Sunday Supper Series paves the way for Franklin Food and Wine Festival

From ancient times, families have gathered together at the start of a new week to break bread and spend quality time together. In Franklin, there’s a new opportunity to observe this tradition while enjoying fine cuisine alongside family and friends.

The Sunday Supper series, held at the Harpeth Hotel’s 1799 Kitchen & Cocktails restaurant, is a chef-driven venture to raise awareness for another new undertaking: the inaugural Franklin Food and Wine Festival, slated to begin in 2023.

During the festival, a weeklong series of food-based events will culminate in a grand tasting.

Chris Thomas is the owner of MADE SOUTH, a business that has historically produced events to promote Southern makers and artisans. But the brand is more than just an event business: Thomas has a serious passion for how food and drink can bring people together.

Inspired by culinary events in Nashville, Charleston, and Savannah, Thomas said he “fell in love” with the idea of creating the experience in his hometown.

While Nashville boasts a wider array of options for food and beverage, Williamson County has begun to come into its own in recent years.

“We’re just starting to see some of the spillover with additions here in Franklin,” Thomas said, like 1892 in Leiper’s Fork and Culaccino in downtown Franklin. He referred to Andy Marshall and Jason McConnell, both successful restaurant group owners in town, as “the OGs.”

Thomas and his wife ran into former Visit Franklin CEO Ellie Chin during a dinner at Southall Farms in 2019, where he shared his idea for a culinary festival.

Chin was on board, and helped connect him with people in the hospitality industry.

The idea for the festival is to draw people to Franklin who may not be aware of the city’s history and culture.

“They think that we are one thing, and when they get here, they find that we’re something different,” Thomas said, noting how people often remark on the hospitality and authenticity they encounter.

“Everything we do at Made South is designed to shed a positive light on the South,” he continued. “I know we have our issues, and I know we’ve committed our sins, and I don’t run away from that. But I’m committing to telling the positive stories of the South.”

Stories like that of Chef Maneet Chauhan’s.

A lauded chef in New York and Chicago, as well as a longtime judge on the Food Network’s Chopped, Chauhan came to Nashville six years ago to open her first restaurant.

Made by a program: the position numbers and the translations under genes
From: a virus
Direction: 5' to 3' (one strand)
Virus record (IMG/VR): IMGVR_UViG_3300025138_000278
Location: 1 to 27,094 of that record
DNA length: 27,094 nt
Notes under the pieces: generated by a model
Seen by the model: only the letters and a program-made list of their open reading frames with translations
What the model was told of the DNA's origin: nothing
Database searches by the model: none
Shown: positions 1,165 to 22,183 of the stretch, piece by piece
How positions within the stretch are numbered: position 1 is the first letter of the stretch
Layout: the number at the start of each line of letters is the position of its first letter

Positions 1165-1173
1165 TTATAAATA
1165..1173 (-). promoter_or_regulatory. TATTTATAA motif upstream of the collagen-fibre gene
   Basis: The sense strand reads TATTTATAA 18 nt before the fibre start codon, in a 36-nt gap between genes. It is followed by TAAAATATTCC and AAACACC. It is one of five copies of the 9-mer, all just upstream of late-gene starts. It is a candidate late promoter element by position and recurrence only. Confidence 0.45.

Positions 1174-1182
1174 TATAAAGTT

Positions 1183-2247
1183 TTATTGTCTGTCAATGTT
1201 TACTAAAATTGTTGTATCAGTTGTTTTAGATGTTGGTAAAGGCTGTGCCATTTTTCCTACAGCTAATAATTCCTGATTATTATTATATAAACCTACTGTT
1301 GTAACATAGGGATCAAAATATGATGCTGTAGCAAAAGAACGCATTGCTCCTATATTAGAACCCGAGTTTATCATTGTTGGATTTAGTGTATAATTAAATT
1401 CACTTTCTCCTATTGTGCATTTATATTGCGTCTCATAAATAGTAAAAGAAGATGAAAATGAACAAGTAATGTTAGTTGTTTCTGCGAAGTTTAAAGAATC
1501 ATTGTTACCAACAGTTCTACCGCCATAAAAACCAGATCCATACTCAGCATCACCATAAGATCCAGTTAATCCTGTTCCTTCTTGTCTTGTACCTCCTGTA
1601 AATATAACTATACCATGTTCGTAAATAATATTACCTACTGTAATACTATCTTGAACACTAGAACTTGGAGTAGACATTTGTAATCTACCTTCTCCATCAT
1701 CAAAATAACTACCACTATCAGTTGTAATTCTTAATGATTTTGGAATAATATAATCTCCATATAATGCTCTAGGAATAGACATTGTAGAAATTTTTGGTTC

The Music City culinary community embraced her with open arms, especially when her second child was born on the same day Chauhan Ale & Masala House opened.

“She had no intention of living here,” Thomas said. “She likes to say, Nashville chose her.”

Chauhan called the idea for the festival Thomas’ “brainchild.”

“This is something he’s been dreaming for a very long time,” she said. “We connected on our love for Tennessee and our love for the South.”

Chauhan explained that they want people to be fully engaged with one another when sitting down to a meal.

“The whole idea is for us to rethink the food and beverage as such an amazing tool to bring people together,” she said. “The fact that we can have these suppers again, especially on Sunday, it used to be the time an entire family can come together. We want to recreate that feeling of togetherness.”

At their inaugural May supper, the idea of togetherness was on full display. Ninety guests gathered first in the Harpeth Hotel’s outdoor courtyard for drinks and appetizers, before adjourning to small tables inside the 1799 dining room for a four-course meal with optional wine pairings.

In the kitchen, Chauhan joined forces with 1799 executive chef Devin Walline and guest chef Cheetie Kumar of Garland in Raleigh, North Carolina. Chauhan introduced Kumar, a James Beard semifinalist, describing her as, “a person who is very difficult not to fall in love with.”

The meal featured locally sourced produce and fruit, and the courses featured touches from Kumar and Chauhan’s Indian roots, with fragrant spices and refreshing flavors.

At the event, Chauhan said the opportunity to collaborate with a group of talented chefs right down the road from her Franklin home was too good to pass up.

“It is just that feeling of belonging,” she told the room. “You can walk into a kitchen that you’ve never ever seen, and the bonding that you have with chefs is incredible. And the amount you learn from each other is even more spectacular.”

A portion of the event’s proceeds also benefit One Generation Away, a Tennessee nonprofit whose mission is to eliminate food deserts in low-income neighborhoods and stop food waste.

The next Sunday Supper series will be held on July 11th, with guest chef David Bancroft of Acre in Auburn, Alabama; and July 25th, with chef Joshua Walker of Xiao Bao Biscuit from Charleston, South Carolina.

Tickets are available now, with an optional beverage pairing add-on. Tickets are $149 for supper only and $189 for supper with beverage pairings. Purchase tickets online at

“If people enjoy them, we will continue that and potentially turn it into a monthly series,” Thomas said.

It’s all to create anticipation for the ultimate goal: the 2023 food and wine festival.

“In terms of the culinary aspect, we want to promote that feeling that this place is a place to be reckoned with,” Thomas said.

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